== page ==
Advanced-Placement classes challenge students and reduce cost of college, by 8-18 Media

During the senior year of high school, students typically are able to take a lighter academic load. They’ve worked hard the past three years and have sent their academic transcripts to colleges in which they are interested, so they have the luxury of focusing a bit less on academics and more on the friends they will soon leave.

But this is not the case for seniors in Advanced-Placement classes.
“Being a senior, we’re all just trying to relax and don’t really care about high school anymore,” said eighteen-year-old Kaitlin Hares, who graduated in June from Ishpeming High School. “But this class usually demands that we stay in thinking mode and we’re not really slacking off.”
The class that Hares is referring to is the Advanced-Placement English class she took her senior year.
The Advanced Placement, or AP, program is run by the College Board, an international non-profit educational institution. According to the College Board Web site, the AP program is a “cooperative educational endeavor between secondary schools and colleges and universities.” It started in 1955 and has “provided motivated high school students with the opportunity to take college-level courses in a high school setting.”
In addition to learning advanced material, students can gain college credit by passing a final national exam at the end of the course.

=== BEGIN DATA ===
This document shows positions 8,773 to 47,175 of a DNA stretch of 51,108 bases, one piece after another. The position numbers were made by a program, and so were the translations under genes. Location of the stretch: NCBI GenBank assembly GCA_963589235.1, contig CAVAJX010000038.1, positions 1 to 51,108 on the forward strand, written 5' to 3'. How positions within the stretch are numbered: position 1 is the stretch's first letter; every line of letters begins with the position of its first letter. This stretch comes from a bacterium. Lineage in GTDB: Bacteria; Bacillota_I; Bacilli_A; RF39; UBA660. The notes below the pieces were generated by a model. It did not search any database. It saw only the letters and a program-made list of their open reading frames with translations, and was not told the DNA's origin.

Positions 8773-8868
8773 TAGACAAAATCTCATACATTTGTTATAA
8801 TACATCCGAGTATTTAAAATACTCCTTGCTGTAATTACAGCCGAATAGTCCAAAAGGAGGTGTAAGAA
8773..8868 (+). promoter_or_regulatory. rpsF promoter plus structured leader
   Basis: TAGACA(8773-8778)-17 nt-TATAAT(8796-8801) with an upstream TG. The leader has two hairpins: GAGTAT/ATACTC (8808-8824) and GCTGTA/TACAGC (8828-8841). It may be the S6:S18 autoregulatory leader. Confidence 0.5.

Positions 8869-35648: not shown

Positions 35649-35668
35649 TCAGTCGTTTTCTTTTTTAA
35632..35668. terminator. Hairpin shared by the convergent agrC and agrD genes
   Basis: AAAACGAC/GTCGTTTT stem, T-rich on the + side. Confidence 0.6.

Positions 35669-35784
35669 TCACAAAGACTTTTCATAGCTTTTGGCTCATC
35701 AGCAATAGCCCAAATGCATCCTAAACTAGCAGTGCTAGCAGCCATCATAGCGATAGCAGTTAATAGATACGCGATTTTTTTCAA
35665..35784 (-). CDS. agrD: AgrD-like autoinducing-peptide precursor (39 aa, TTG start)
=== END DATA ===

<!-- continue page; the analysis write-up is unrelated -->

For the past ten years, IHS has offered AP Chemistry and AP Language and Composition, commonly referred to as AP English. Many other AP classes—from physics to history to calculus—are offered at high schools in the U.P. and nationwide.
Tim Clancy has taught the AP English class at IHS since its inception. Because there is no AP English textbook, he created the course from scratch, choosing materials from a variety of sources. The level of reading is similar to that of a college freshman composition class. Jonathan Swift’s A Modest Proposal, Shakespeare’s Hamlet, and Martin Luther King’s famous letter from the Birmingham Jail are included in the course. Clancy likes the freedom to use contemporary essays.
“I can go into the library and pull a New Yorker off the shelf, or any good contemporary magazine, and I can pull writing out of that and use it as material in my classroom,” he said. “Whereas if I’m teaching a literature course, I could still do that but I’m limited (to a set curriculum).”
But the pieces that are included aren’t guaranteed to be on the exam.
“The test itself sometimes throws kids when they’ll get the test and there will be something on there that’s kind of out in left field,” Clancy said. “The good thing about that is that it’s left field for everybody across the country, so that levels the playing field.”
A panel of AP English teachers from around the country grades the exam. It consists of essays and multiple-choice questions, and is taken during a three-hour period, typically in the first week of May. This year the exam was held on May 1, though students won’t receive their results until mid to late summer.
“The College Board expects students to have a pretty good facility with a lot of literary terminology, some of which is fairly obscure and that you won’t encounter anywhere else,” Clancy said.